Veterans may fall victim to con artists or bad financial advice
Whenever people become vulnerable, they can fall victim to con artists looking to make a few quick bucks. One way con men prey on elderly, disabled, poor veterans is to target their benefits and pension that they may be entitled through the Department of Veterans Administration (VA).
VA’s best kept secret
First, it’s important to understand that millions of dollars of veterans’ benefits go unclaimed because veterans and their family members don’t know they exist. For example, some call the VA’s pension with Aid and Attendance benefit the VA’s best kept secret.
The lack of knowledge, misunderstanding and regulations surrounding the Aid and Attendance benefit is what attracts con artists. Aid and Attendance is intended for disabled, wartime veterans and their surviving spouses with financial need pay for assistance with daily living. Yet, fraudulent scammers claim they can pull strings to have well-off veterans approved by artificially impoverishing them.
Bad financial advice can limit options for veterans
There are also commissioned financial salespeople that advise locking up the elder’s assets in a trust or annuity; both actions typically generate large fees for the person selling the product. The danger is when any transfer of assets for estate planning purposes is not handled properly, seniors can lose control over their personal finances and be disqualified from other government need-based benefits such as Medicaid.
Reputable resources for veterans
The good news is that there are reliable, reputable resources to help disabled veterans find out if they qualify for VA benefits. With millions of dollars in VA benefits going unclaimed and the growing elderly population, the need for this service continually grows. Imagine if you need help at home with grooming, bathing, dressing walking, meal preparation and transportation, you probably need help with government paperwork.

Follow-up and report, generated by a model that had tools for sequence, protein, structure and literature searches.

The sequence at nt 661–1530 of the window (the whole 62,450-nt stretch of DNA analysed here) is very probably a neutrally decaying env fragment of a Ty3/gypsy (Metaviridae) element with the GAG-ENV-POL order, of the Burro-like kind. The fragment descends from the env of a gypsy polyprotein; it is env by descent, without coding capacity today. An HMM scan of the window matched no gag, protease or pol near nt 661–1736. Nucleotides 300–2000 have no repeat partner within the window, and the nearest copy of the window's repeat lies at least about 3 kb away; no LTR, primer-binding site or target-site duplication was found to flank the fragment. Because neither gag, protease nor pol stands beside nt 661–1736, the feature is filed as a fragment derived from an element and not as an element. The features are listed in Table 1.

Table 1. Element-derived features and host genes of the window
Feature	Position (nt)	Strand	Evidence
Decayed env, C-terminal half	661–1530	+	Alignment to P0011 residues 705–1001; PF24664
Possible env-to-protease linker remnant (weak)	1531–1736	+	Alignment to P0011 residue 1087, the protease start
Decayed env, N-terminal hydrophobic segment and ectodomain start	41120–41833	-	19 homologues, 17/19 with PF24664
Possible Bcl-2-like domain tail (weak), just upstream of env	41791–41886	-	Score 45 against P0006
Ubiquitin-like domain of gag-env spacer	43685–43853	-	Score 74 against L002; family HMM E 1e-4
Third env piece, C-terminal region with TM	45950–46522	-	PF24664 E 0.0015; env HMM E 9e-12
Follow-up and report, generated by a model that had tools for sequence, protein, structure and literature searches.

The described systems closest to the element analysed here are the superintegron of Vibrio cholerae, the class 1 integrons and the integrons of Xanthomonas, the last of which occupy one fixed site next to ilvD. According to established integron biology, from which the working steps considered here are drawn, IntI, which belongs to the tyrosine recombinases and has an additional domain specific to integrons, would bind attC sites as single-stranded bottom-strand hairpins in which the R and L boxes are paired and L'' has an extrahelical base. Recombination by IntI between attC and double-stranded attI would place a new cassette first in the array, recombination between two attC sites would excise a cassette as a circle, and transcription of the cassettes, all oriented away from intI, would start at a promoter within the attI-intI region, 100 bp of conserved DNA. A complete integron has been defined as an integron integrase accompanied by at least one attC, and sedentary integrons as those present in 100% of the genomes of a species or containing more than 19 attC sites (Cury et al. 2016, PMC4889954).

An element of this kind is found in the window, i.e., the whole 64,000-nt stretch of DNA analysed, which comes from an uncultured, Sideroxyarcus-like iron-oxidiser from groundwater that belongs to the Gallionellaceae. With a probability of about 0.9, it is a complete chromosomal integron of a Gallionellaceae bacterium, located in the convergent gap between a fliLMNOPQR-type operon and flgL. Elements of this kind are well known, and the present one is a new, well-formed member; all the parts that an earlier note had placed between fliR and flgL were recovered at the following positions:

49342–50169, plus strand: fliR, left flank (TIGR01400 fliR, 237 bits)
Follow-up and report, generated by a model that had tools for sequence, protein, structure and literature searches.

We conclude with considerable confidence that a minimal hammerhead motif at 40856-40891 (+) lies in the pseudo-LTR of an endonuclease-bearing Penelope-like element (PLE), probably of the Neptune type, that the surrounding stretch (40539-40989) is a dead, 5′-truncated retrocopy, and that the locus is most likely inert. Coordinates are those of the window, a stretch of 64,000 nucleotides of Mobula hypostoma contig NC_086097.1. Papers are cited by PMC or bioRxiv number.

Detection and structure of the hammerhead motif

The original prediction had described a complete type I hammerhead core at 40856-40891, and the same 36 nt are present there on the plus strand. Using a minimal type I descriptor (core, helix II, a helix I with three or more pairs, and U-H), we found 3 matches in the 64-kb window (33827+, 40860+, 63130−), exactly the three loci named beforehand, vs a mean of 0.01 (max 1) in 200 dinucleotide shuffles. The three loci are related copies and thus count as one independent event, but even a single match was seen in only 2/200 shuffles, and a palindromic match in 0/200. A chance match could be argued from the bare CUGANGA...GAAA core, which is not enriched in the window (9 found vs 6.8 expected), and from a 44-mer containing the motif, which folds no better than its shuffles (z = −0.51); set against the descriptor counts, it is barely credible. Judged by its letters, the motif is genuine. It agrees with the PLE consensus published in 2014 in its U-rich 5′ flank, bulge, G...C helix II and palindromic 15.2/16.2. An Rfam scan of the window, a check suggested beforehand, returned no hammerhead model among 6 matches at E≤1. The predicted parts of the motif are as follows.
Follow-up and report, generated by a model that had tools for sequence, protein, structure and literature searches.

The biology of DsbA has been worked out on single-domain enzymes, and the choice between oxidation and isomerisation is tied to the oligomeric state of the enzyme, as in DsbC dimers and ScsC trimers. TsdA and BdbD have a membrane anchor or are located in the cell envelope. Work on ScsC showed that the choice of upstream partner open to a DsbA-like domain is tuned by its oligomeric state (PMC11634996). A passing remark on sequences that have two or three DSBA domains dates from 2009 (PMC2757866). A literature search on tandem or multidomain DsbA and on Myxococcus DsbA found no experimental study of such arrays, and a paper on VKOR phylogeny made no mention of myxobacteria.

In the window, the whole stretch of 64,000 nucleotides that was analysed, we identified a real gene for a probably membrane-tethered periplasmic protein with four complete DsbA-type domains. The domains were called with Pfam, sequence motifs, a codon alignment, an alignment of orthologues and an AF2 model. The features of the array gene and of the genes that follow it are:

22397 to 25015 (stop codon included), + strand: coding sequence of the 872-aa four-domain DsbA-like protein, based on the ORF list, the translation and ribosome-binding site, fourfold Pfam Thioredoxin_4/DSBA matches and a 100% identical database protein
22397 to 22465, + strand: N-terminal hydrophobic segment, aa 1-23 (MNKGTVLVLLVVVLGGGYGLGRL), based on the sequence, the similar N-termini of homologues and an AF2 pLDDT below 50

My company began 13 years ago when our family needed help understanding VA benefits. In 2003, my mother passed away from cancer. Late in her illness, I became aware of the VA’s Aid and Attendance benefit. My mother would have qualified but sadly by the time I applied for the pension on her behalf, it was too late. It was then that I began my company to serve the needs of veterans and their surviving spouses.
Veterans Home Care can assist with this process with no out-of-pocket cost to the veteran or spouse. If it is determined that an individual will qualify for the VetAssist Program, Veterans Home Care will help him through the application process, arrange and manage home care and help the veteran or spouse remain in VA compliance. Veterans Home Care will even provide an interest-free loan so home care can begin even before the application is approved by the VA.
If you suspect that someone is taking advantage of a veteran or trying to gain access to their benefits for fraudulent purposes, report them to the VA and local police.
For more information and to learn about Veterans Home Care, contact Veteran’s Home Care at (888) 314-6075.
In addition to growing Veterans Home Care to become the largest provider of its kind in the industry, Bonnie has been a strong supporter of numerous charitable and social organizations with both a local and national impact. Wings of Hope and Lydia’s House have both benefited from Bonnie’s support to continue much needed services to our most vulnerable in need. Bonnie also is a member of the American Red Cross Tiffany Circle, a national society of women leaders. Bonnie serves as Chairperson for the American Red Cross Service Armed Forces Committee.
Latest posts by Bonnie Laiderman, President (see all)
- When Long-Term Care Is Needed, the Aid and Attendance Benefit May Help - February 2, 2017
- What You Can Do for a Loved One Who’s Struggling at Home - January 6, 2017
- How to Help More Veterans Become Aware of the Aid and Attendance Benefit - December 30, 2016